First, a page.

Everyone should be quick to listen, slow to speak and slow to become angry (v. 19, NIV). Wow! I felt a jolt when I read these words for the first time in a long while. The contrast between this instruction and the behavior we see in the world around us right now is shocking. Some days it feels like the main rule of public discourse is literally the opposite: “Everyone should be slow to listen, quick to speak and quick to become angry.”
As we continue today’s passage, we read that Human anger does not produce the righteousness that God desires (v. 20, NIV). This is such a profound and complicated truth. Isn’t it true that sometimes anger sparks the motivation to do something about an unjust situation? Maybe so. Weren’t the civil rights protesters of the ’50s and ’60s angry? Didn’t they deserve to be? Isn’t that why they were willing to make the sacrifices necessary to build and maintain a movement? Was it anger that fueled the movement, or a fierce longing for justice? Was it a deep, abiding faith that things could be better? Maybe some of all of that.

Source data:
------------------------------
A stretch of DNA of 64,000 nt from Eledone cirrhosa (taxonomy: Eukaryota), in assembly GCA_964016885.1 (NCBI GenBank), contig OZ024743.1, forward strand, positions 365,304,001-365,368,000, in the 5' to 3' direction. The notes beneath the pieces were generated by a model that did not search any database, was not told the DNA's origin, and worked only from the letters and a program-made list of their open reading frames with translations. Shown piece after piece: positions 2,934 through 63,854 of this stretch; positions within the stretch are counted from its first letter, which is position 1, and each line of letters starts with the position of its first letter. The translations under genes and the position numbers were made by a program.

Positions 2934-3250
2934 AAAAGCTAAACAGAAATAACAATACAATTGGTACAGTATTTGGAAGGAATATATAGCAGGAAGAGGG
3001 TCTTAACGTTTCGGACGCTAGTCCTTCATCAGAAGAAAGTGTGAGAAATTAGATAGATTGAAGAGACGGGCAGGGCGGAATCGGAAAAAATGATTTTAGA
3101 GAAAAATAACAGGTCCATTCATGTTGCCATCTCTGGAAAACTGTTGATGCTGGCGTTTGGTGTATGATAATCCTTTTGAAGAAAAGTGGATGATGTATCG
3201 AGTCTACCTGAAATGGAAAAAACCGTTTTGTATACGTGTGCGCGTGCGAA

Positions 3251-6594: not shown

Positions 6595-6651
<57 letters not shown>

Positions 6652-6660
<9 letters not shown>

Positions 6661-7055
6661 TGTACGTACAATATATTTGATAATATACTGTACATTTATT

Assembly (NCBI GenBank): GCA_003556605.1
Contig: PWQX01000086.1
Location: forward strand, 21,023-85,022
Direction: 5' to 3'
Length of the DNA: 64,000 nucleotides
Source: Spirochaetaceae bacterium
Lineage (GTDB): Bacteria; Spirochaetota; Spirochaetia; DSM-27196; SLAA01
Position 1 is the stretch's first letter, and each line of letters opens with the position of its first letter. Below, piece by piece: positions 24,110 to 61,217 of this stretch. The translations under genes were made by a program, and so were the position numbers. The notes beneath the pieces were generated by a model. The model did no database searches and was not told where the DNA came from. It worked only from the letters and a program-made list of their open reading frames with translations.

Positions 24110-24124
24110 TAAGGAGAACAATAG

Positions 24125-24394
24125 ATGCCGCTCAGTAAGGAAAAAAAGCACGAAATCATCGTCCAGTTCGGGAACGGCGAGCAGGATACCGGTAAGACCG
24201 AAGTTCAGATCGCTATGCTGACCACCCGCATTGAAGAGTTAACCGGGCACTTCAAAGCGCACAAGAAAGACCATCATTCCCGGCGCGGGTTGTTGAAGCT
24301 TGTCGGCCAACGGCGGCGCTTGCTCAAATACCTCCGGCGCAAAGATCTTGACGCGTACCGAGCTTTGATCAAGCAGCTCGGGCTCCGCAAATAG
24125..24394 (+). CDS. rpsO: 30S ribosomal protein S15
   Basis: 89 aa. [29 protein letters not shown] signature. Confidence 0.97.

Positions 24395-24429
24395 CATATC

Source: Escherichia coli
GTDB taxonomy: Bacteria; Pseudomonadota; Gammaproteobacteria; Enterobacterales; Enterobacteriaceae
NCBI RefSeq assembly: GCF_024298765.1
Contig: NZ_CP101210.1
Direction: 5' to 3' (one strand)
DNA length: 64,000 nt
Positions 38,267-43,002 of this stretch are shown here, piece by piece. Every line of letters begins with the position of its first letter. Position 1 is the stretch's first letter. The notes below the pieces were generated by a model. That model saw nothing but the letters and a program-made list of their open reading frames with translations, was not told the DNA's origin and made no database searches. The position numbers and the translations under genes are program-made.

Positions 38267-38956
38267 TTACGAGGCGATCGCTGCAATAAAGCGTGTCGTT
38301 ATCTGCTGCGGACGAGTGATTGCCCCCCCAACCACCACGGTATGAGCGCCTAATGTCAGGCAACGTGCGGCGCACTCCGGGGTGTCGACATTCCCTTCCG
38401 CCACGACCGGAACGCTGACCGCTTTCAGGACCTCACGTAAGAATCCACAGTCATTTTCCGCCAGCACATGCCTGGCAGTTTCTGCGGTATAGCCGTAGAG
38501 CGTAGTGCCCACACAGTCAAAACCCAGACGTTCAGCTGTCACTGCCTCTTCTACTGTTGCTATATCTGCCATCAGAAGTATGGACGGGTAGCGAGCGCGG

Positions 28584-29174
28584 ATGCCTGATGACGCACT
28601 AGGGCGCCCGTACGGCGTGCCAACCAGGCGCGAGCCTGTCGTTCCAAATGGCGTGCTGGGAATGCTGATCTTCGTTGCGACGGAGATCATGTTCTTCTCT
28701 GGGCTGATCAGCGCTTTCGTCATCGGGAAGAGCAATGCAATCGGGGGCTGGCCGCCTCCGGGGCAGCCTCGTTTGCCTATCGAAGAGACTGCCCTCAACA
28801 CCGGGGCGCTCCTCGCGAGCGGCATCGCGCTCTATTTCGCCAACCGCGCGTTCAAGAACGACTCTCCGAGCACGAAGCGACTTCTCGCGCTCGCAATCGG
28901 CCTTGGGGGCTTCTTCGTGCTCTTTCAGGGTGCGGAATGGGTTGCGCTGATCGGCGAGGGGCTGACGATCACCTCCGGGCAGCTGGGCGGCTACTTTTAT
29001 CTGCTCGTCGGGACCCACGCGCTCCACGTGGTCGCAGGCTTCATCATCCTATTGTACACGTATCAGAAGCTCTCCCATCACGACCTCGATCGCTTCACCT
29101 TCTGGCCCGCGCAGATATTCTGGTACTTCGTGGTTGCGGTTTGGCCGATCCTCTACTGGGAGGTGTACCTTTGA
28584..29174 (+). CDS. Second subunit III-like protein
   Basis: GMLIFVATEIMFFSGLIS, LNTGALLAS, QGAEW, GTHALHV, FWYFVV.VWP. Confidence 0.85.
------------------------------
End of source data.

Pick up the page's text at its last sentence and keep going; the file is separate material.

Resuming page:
In my experience, anger is not an especially effective way of convincing others to take the path that I consider to be righteous. More often anger begets anger in return, or at the very least defensiveness. It cuts off real communication. It stunts creativity. Anger is more likely to cause people who disagree to dig in their heels or run away. It rarely leads to carefully considering the various points of view and working out a solution together. Yet, in the moment, it is hard to remember that there is a different, better way.
When you are steeped in anger, what helps you find the next step to take beyond it?
God, help me pause. Open my ears to listen. Slow my tongue. Calm my heart. Help me live into the next step of love and concern. Amen.